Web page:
Transcript for Lawmakers' late-night showdown ends with bipartisan budget deal
here at home as well starting on capitol hill overnight. The government shut down for the second time in three weeks over a funding bill. It was forced by senator Rand Paul making a point about the deficit but lawmakers were able to scramble, strike a deal just moments ago. Mary Bruce coming off an all-nighter. Good morning, Mary. Reporter: Good morning, George. We've never seen anything quite like this. Two government shutdowns in three weeks and there was a government spending bill on the table ready to go that could have prevented it but one Republican senator held that plan hostage overnight. Rand Paul of Kentucky forcing a shutdown blocking a vote to make a political point. For hours he railed on the floor against what he says is out-of-control government spending and he was defiant. Take a listen. Well, you know what, I think the country is worth a debate till 3:00 in the morning. Do I want to shut down government? No. But do I want to keep it open and not reform it, hell no. Reporter: Now Paul kept this up for hours, finally relenting around 1:00 A.M. Exhausted and very frustrated with his colleague senators then voted to pass the sweeping spending bill but then members of the house had to be hauled out of bed back up here into work and just a short while ago they did pass the bill to finally re-open the government ending th five-hour shutdown. It will take several weeks to write the final deal. Some other opposition could mount in those weeks and the big thing left out was anything on the dreamers and immigration. Reporter: Yeah, George, those dreamers are still hanging in the balance with that March 5th deadline looming. Now, next week the senate will move to an open free for all debate as they try to come up with a plan to protect them but both sides appear pretty dug in. Republicans calling for stricter border security and, of course, there's questions about the president's wall which Democrats oppose. The senate will bring up varying proposals voting till they're blue in the face to come up with a plan that could pass but, of course, whatever passes in the senate then has to clear in the house where changes are likely to be made and the big X factor is the president. What immigration bill is he willing to sign?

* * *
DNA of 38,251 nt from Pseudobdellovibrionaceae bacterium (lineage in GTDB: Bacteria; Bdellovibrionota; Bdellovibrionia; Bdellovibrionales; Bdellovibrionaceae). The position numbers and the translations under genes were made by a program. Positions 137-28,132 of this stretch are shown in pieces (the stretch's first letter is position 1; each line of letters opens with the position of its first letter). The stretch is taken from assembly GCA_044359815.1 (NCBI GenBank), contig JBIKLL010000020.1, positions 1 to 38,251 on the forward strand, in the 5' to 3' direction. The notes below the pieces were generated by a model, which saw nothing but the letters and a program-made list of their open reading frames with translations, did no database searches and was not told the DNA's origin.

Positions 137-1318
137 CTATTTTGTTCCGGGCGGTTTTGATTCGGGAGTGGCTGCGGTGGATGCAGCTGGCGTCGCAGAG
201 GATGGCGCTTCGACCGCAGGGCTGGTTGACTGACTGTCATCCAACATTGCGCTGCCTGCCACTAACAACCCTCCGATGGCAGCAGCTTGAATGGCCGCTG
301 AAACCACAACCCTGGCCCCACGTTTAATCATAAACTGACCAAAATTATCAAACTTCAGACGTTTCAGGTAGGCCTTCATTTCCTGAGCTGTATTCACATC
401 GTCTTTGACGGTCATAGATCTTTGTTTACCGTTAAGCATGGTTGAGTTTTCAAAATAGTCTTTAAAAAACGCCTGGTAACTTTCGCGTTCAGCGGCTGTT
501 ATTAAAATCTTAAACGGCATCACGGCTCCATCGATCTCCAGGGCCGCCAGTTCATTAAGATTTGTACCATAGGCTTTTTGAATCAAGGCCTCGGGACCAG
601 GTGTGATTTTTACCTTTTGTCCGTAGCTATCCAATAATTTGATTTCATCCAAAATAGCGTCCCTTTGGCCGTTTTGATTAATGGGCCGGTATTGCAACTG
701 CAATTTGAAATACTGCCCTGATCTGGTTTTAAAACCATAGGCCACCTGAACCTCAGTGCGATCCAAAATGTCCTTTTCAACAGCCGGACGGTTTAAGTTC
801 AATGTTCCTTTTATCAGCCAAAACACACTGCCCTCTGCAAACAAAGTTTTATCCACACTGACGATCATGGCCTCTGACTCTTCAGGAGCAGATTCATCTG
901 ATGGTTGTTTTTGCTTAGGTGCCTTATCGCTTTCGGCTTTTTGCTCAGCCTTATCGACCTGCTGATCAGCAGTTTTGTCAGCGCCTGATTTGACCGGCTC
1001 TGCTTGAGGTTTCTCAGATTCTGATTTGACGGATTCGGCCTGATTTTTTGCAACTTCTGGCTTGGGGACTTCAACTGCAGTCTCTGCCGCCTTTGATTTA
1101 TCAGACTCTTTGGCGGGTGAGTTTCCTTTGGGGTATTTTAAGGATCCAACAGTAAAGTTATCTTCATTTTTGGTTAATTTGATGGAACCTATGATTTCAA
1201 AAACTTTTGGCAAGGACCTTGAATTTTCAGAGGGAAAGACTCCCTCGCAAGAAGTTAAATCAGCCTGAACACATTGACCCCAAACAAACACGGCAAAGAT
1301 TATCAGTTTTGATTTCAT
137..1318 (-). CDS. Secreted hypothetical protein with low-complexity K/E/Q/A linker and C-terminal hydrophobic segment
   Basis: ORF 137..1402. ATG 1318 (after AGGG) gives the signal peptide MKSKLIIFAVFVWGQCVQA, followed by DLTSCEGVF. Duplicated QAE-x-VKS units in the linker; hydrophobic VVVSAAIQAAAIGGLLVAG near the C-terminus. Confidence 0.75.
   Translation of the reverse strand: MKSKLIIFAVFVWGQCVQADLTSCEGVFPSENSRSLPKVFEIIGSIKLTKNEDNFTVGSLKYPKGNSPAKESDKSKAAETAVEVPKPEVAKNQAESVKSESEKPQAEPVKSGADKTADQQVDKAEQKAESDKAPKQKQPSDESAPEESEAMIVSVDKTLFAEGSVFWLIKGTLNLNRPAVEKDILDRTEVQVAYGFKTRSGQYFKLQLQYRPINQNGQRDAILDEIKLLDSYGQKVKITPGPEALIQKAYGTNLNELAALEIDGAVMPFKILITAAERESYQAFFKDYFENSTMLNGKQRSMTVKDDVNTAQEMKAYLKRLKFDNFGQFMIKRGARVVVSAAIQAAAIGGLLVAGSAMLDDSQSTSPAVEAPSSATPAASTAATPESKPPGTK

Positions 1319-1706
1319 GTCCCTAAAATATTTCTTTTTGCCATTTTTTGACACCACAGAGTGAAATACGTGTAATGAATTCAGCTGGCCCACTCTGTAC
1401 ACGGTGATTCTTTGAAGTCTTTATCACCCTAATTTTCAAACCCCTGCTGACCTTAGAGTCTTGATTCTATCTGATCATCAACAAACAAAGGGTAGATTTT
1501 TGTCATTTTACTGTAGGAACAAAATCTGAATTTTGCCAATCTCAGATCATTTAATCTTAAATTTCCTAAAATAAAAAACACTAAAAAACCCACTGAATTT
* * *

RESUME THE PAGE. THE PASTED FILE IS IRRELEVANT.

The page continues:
This transcript has been automatically generated and may not be 100% accurate.